One of the big worries about starting this use-the-Nikon-daily project that I've begun for myself is that I'll end up taking photographs of a lot of mundane stuff: my entryway, the trees outside, a candle on my coffee table. My fear is that my hard drive is going to get filled with a lot of incredibly ordinary things.
But then, yesterday, I stumbled across this story of a man who came upon 31 rolls of undeveloped film from World War II, shot by a single soldier. I suspect when the soldier took many of the photographs, he wasn't thinking that he was capturing something historic -- it was just for him to remember his barracks, or what it was like to attend church on base, or even sitting around waiting for a train with his buddies. He was just taking photographs of his everyday life. It's only when we look at them 70 tears on that we realize their importance. We discover that they're taking us back in time, sharing a moment of history.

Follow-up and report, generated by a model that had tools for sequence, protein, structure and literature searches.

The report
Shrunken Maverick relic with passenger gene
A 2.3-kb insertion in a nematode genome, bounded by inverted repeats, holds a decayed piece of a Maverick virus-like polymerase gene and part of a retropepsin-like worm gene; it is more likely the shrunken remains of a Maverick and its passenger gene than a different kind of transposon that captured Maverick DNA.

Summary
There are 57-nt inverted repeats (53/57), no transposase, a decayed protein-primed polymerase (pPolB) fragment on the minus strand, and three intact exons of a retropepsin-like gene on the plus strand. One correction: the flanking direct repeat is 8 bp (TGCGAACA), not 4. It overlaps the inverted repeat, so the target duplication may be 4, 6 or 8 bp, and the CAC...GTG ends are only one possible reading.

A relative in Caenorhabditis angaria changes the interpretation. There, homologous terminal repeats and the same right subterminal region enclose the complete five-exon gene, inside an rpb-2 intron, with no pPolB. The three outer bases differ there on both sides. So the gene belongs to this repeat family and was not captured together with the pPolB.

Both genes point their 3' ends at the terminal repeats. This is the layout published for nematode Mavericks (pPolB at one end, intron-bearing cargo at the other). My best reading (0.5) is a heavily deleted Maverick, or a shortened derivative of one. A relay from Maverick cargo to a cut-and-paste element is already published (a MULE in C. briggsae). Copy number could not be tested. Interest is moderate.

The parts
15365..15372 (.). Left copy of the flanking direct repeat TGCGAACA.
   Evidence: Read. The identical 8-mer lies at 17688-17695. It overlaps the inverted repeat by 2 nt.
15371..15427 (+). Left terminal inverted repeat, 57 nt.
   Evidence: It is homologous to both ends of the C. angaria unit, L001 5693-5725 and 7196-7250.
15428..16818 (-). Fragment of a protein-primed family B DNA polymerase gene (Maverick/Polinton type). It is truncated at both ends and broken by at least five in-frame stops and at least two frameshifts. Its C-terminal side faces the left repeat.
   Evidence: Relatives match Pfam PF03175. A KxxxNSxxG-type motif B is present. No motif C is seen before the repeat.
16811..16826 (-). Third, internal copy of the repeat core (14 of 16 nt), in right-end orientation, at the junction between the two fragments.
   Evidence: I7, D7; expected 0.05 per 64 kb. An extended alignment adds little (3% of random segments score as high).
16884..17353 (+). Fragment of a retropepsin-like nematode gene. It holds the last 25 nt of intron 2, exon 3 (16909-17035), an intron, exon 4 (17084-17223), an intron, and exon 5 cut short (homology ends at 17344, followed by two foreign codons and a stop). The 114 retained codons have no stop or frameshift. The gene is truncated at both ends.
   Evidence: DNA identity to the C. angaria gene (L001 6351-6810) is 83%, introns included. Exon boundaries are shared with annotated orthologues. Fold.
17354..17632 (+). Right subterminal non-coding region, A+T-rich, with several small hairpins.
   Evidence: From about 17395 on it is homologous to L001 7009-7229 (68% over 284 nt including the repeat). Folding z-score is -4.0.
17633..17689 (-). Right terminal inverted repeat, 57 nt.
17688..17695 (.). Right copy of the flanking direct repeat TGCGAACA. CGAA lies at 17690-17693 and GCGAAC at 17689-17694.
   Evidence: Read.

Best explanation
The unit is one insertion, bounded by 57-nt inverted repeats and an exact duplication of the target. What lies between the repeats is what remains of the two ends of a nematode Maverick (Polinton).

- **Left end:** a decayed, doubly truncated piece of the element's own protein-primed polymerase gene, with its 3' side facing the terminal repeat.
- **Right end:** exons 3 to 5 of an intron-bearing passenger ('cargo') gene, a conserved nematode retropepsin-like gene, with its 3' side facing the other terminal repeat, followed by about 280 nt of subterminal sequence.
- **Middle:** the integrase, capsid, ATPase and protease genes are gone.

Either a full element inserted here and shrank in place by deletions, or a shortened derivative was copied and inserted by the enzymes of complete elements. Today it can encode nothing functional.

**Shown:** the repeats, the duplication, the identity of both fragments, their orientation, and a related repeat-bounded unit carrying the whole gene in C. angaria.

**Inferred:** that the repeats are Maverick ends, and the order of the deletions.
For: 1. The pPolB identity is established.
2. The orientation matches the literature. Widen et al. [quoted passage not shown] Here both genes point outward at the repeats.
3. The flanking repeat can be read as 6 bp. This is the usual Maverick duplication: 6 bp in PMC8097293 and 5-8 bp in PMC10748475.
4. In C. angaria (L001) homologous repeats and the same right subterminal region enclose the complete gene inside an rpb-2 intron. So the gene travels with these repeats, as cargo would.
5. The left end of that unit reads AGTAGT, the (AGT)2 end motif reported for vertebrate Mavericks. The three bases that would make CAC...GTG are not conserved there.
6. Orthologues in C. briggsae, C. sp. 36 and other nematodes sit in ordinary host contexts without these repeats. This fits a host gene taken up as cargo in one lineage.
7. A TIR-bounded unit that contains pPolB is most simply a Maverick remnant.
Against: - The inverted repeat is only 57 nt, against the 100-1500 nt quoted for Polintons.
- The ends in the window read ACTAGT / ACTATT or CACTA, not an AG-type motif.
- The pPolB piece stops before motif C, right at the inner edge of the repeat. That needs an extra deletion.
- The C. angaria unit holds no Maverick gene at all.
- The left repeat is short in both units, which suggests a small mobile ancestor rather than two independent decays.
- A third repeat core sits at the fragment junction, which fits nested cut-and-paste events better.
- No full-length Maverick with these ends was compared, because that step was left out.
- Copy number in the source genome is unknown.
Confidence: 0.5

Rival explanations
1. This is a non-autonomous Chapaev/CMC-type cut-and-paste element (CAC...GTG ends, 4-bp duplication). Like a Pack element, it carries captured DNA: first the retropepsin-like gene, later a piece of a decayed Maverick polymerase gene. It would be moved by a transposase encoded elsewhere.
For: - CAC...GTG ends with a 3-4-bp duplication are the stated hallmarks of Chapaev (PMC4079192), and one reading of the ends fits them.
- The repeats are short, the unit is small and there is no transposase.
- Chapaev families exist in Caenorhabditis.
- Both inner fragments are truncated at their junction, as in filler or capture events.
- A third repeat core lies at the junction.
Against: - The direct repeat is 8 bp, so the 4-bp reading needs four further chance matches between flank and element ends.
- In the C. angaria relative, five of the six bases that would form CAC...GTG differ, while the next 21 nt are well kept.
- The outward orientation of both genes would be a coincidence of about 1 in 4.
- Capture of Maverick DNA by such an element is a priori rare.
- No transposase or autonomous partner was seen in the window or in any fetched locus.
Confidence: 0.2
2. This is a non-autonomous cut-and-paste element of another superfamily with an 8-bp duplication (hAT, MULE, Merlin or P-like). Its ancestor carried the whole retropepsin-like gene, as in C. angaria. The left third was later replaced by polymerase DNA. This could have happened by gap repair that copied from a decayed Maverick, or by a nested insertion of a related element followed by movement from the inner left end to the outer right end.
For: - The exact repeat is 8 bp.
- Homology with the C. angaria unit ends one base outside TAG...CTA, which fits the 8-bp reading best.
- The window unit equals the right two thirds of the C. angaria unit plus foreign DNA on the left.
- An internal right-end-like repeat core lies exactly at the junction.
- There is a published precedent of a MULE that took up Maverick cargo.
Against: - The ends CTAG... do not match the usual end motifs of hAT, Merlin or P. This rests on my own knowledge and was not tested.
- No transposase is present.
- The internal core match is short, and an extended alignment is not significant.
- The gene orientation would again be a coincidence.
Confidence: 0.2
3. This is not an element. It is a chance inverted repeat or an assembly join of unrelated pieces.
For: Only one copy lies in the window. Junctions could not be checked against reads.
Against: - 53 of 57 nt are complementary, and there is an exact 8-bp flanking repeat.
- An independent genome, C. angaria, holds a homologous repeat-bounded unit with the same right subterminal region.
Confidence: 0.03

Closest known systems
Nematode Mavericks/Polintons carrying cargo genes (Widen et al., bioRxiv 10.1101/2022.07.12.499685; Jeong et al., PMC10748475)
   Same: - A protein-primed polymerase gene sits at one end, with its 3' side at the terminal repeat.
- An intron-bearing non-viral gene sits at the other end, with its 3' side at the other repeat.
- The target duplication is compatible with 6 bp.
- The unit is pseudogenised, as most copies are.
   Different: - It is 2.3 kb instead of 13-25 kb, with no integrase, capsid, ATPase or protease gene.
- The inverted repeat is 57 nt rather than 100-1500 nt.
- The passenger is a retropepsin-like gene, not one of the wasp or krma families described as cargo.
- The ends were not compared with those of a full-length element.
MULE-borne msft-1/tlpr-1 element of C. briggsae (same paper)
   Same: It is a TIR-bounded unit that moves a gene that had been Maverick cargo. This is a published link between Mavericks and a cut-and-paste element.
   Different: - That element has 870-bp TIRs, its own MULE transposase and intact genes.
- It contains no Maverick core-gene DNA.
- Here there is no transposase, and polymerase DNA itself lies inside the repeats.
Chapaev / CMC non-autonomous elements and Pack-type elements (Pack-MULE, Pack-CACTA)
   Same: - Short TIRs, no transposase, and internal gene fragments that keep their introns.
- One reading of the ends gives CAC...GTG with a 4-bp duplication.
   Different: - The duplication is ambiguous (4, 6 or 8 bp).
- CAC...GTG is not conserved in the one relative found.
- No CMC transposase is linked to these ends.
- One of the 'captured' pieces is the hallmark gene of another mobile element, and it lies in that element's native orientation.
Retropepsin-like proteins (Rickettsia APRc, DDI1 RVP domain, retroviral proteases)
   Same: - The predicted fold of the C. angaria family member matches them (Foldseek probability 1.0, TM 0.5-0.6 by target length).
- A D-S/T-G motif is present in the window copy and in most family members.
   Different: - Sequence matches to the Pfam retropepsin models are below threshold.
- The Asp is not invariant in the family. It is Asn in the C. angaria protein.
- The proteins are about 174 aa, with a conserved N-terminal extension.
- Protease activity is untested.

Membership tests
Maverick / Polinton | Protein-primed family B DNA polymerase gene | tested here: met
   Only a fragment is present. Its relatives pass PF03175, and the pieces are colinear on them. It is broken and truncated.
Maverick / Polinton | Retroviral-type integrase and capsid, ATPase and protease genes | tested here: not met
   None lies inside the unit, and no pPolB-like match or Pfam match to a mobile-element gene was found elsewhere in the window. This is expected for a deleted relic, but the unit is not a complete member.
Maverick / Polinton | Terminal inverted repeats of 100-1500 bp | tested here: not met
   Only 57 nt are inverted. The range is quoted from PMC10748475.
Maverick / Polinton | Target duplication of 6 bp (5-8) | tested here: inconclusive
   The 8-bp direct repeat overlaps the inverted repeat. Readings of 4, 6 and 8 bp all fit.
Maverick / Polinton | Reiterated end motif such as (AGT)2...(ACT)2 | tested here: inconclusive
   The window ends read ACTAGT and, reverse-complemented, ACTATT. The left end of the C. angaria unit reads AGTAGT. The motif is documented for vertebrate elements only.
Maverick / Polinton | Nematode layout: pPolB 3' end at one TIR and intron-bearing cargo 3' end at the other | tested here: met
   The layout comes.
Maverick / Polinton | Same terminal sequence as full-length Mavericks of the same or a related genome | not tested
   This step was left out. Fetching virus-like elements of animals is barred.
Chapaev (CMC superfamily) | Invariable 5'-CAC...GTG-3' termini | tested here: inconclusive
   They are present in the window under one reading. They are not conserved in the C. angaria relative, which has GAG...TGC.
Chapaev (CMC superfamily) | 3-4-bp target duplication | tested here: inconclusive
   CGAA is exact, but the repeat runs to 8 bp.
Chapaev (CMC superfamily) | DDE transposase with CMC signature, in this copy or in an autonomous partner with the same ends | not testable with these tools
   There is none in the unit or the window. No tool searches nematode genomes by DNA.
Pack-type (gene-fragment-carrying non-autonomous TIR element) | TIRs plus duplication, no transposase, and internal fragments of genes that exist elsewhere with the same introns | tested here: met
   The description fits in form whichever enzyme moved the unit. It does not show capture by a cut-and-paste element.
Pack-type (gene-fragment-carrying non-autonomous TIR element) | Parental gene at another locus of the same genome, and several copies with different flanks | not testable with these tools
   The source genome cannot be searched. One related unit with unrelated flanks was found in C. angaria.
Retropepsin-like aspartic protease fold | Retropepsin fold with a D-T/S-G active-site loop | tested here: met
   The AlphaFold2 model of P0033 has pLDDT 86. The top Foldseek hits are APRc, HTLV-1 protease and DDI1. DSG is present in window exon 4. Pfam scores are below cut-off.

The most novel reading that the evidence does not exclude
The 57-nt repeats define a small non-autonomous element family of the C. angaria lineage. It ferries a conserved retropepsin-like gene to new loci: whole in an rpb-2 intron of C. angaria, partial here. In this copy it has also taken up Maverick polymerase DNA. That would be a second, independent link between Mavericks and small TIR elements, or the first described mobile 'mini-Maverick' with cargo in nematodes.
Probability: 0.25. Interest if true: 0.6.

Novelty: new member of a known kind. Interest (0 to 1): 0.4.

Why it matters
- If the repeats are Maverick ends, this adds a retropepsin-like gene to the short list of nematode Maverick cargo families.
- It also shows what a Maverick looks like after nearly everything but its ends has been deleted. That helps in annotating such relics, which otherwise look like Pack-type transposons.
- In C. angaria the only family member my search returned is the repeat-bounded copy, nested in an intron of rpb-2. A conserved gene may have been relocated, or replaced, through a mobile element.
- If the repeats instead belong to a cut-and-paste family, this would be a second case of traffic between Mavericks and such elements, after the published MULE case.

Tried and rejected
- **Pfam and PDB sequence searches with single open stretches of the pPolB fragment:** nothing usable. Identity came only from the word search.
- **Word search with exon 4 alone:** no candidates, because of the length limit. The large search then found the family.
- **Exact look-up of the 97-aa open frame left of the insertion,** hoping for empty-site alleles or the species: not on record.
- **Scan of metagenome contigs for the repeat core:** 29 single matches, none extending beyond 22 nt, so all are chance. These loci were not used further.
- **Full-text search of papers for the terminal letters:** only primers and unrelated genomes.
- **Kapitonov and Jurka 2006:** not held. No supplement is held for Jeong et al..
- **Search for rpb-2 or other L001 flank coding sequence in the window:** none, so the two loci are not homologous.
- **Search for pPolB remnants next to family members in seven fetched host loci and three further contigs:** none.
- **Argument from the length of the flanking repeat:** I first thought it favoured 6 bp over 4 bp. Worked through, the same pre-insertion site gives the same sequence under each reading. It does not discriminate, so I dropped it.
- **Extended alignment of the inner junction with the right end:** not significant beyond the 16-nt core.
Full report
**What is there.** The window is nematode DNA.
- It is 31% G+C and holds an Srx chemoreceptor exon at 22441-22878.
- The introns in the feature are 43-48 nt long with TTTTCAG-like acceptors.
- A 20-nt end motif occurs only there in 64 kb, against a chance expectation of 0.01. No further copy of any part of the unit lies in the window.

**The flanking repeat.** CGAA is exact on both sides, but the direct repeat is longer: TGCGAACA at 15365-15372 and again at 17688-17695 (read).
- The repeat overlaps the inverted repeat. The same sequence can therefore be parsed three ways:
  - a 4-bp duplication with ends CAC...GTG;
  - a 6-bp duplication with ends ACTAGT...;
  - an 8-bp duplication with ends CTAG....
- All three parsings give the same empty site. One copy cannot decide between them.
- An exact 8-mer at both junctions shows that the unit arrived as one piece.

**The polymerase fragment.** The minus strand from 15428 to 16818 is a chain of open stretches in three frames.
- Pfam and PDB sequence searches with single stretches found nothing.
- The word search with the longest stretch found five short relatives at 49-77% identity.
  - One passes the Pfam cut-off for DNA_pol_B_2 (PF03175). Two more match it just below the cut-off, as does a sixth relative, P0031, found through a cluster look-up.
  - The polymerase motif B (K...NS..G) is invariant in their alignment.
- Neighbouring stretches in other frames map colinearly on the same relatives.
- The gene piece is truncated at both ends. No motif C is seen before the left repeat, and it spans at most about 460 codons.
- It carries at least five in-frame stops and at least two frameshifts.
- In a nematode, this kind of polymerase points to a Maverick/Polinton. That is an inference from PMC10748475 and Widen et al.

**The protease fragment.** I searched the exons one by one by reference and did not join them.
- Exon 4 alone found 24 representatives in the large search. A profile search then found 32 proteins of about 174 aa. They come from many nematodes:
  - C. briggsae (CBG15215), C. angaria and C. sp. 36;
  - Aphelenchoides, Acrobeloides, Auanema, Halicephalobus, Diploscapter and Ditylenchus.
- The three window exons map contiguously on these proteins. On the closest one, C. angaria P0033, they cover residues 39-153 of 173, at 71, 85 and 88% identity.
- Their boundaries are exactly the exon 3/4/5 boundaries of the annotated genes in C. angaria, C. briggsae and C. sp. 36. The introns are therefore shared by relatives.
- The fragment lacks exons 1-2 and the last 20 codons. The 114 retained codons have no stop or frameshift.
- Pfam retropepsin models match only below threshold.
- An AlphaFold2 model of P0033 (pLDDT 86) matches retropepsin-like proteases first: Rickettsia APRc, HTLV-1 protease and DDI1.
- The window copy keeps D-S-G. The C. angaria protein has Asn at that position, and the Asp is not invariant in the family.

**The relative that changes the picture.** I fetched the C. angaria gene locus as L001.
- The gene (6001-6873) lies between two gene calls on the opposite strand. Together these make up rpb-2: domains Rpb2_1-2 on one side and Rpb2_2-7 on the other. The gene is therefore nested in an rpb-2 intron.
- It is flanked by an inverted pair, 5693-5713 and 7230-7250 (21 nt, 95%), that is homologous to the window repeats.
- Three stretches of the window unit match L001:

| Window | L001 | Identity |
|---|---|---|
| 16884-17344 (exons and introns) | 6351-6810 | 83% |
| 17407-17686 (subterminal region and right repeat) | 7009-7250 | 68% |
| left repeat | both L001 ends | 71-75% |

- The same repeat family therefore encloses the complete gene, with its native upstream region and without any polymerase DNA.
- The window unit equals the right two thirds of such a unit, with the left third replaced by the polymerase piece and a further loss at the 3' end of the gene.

So, I say forget all the studies that maintain we're spending too much time taking photos, and not enough time living life. Take those photos. Snap those selfies. Do it with abandon. Because even though you may not realize it in the moment, you're recording history. You're bending time.
And besides, it only takes a second. You can go back to living that amazing moment while barely skipping a beat.
(Click here or on the image below to watch a 10-minute film about the processing of the 31 rolls of film that soldier shot.)
I'm off to Salt Lake City today, to attend the Altitude Design Summit. I'll actually be speaking this afternoon at an Early Bird Session, starting at 4:30 pm -- if you're going to the conference and arrive early enough, I'd love to see you there! Otherwise, if you miss the session, but will be in Salt Lake, please tap me on the shoulder and say hi.